Erdogan: Turkey will ‘no longer’ cave in to pressure from the West
Western states should not expect Turkey to blindly follow their instructions anymore, Turkish President Recep Tayyip Erdogan said ahead of talks between Turkish and EU officials. He also supported the deal on S-400 missile defense systems with Russia.
Erdogan made a speech against western and, in particular, EU countries that he believes are treating Turkey unfairly, while addressing his party’s lawmakers in Ankara on Tuesday.
“The West wants Turkey to bring about their demands no questions asked... I am sorry to say that Turkey no longer exists,” the Turkish president said, as cited by AP, while his foreign minister, Mevlut Cavusoglu was preparing to meet with the EU top foreign officials in Brussels.
Relations between Turkey and the EU have been on the rocks since the Turkish authorities launched a wide-ranging crackdown on dissent in wake of the failed coup attempt of July 15, 2016.
A brewing diplomatic row between Germany and Turkey worsened in March after several German states refused to host rallies in support of the Turkey’s constitutional referendum that eventually granted the Turkish president more powers in April. The refusal infuriated the Turkish leader, who likened it to the policies of Nazi times. Most recently, the war of words between Ankara and Berlin reignited after Erdogan was denied permission to stage a rally on the sidelines of the G20 summit in Hamburg.
The arrest of 10 human rights activists, including the head of Turkey’s branch of Amnesty International and German and Swedish citizens on July 5 in a hotel on the Sea of Marmara, soured strained relations even further, with human rights advocates calling on EU leaders to raise the issue with their Turkish counterparts during the talks.
During his speech, Erdogan lashed out at his critics, referring to the detained activists as “agents” and warning European countries against meddling in Turkish internal affairs.
“You’re going to prevent Turkey’s president and ministers from speaking in your country, but your agents are going to swarm in, come to hotels here and break my country up into pieces?” he said, as cited by Bloomberg, vowing retaliation to the countries that infringe upon Turkey’s sovereignty and refuse to do business on equal terms.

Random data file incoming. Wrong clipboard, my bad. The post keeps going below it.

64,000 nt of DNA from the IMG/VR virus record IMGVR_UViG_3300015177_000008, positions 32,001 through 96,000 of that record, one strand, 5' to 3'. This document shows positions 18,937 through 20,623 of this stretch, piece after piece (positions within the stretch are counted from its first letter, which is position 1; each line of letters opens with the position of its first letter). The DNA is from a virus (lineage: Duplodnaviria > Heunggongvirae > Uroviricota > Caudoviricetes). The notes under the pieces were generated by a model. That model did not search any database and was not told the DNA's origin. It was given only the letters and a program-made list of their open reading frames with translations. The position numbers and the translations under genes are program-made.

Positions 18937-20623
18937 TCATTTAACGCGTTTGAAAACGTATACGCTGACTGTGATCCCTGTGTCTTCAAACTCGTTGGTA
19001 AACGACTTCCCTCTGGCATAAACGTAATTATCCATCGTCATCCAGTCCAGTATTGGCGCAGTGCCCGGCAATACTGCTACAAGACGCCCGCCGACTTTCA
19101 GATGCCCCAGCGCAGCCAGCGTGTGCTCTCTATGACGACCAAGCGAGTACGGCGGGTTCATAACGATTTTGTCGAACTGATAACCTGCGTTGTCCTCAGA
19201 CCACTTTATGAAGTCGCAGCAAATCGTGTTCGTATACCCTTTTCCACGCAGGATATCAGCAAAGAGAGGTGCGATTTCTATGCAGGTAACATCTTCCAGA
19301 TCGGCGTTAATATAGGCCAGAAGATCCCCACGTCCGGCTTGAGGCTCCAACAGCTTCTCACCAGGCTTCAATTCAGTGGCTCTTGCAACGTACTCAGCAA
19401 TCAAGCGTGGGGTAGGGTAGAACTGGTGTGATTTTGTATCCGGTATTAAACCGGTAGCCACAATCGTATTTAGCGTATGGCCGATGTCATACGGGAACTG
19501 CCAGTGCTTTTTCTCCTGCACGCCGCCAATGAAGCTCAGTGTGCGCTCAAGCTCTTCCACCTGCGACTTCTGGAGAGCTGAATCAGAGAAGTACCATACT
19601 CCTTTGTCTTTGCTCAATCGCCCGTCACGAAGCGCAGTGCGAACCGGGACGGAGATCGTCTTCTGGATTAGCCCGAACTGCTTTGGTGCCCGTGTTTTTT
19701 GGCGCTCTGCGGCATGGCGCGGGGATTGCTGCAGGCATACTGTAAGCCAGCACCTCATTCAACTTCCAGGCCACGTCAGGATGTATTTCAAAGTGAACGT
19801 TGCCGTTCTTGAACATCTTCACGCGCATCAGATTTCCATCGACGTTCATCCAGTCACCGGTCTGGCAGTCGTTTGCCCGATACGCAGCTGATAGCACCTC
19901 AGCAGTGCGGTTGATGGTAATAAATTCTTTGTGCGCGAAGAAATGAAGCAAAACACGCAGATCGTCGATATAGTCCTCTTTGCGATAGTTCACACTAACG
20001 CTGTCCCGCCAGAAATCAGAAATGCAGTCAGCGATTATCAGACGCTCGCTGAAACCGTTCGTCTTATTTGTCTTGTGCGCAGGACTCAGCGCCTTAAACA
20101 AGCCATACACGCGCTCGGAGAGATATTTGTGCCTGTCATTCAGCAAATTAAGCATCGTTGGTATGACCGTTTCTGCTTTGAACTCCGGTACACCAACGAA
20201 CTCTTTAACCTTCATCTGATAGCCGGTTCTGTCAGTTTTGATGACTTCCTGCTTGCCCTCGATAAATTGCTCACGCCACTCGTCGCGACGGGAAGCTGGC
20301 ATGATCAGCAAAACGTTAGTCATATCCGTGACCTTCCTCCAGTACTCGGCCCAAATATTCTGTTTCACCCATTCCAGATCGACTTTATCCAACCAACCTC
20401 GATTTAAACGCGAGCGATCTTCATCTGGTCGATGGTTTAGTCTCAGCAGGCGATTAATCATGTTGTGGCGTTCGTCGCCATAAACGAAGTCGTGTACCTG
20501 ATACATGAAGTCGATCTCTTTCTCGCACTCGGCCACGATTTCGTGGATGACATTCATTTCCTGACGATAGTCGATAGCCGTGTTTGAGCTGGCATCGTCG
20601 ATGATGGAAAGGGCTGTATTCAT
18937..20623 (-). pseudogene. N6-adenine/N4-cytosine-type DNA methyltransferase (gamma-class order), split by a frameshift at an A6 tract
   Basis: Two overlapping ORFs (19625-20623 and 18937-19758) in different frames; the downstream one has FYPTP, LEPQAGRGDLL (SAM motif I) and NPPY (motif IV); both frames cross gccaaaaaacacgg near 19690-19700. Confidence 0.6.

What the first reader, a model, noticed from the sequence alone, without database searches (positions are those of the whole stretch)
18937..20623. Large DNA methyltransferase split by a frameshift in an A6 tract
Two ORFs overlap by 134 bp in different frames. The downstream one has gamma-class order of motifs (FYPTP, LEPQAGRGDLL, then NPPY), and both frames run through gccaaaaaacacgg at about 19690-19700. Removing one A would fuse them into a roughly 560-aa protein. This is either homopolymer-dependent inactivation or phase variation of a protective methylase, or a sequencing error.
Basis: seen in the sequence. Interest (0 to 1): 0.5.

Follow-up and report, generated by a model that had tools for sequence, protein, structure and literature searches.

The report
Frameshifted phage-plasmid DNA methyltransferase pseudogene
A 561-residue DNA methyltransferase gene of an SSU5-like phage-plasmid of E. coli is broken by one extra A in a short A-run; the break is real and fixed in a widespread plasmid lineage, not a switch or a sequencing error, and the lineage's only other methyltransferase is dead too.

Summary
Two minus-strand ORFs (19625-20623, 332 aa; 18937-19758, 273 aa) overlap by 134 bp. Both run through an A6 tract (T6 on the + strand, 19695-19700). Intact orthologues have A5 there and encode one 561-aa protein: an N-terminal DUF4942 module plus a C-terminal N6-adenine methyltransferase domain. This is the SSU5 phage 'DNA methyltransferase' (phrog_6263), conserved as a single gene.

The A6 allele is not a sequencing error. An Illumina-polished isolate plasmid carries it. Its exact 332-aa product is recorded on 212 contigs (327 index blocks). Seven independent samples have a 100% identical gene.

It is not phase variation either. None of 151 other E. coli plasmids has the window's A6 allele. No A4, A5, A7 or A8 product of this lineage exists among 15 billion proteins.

Following the meeting in Brussels, Johannes Hahn, European Commissioner in charge of European Neighborhood Policy and Enlargement Negotiations, reminded Turkey of the obligation to respect human rights and core democracy values, including the freedom of the press, calling them “basic imperative requirements for any progress toward the European Union.”
Responding to the criticism, Cavusoglu labeled reporters currently on trial in Turkey as “pseudo-journalists who help terrorist activities,” arguing that their actions, as well as that of the arrested soldiers and politicians, contributed to the coup.
“They need to also face the sentences that are necessary,” he said, as cited by Reuters.
‘Nothing to worry about’ – Erdogan on S-400 deal
In an apparent reference to concerns of the US military over a looming purchase by Turkey of Russia’s advanced S-400 anti-missile defense systems, Erdogan reiterated he was looking forward to the deliveries.
“God willing, we’ll see them [missile systems] in our country soon,” the Turkish leader said, as cited by Bloomberg.
He noted that Ankara at first attempted to secure the deal on similar conditions with Washington, but it was never agreed.
“If we can’t get what we want from America, we have to look elsewhere,” he said.
Erdogan has already responded to remarks by Chairman of the US Joint Chiefs of Staff Gen. Joseph Dunford, who said Saturday that the reports of the S-400 purchase are “incorrect” and “would be a concern, were they to do that.”
“Why would it be worrying? Every country needs to take certain measures for its own security,” the Turkish president told journalists at Ankara airport on Monday, as cited by Anadolu news agency.
Russian and Turkish officials have been negotiating the purchase since November 2016 and have repeatedly confirmed that the deal is practically secured save for some financial aspects. Earlier this month, reports emerged that $2.5 billion was agreed as the sum of the contract.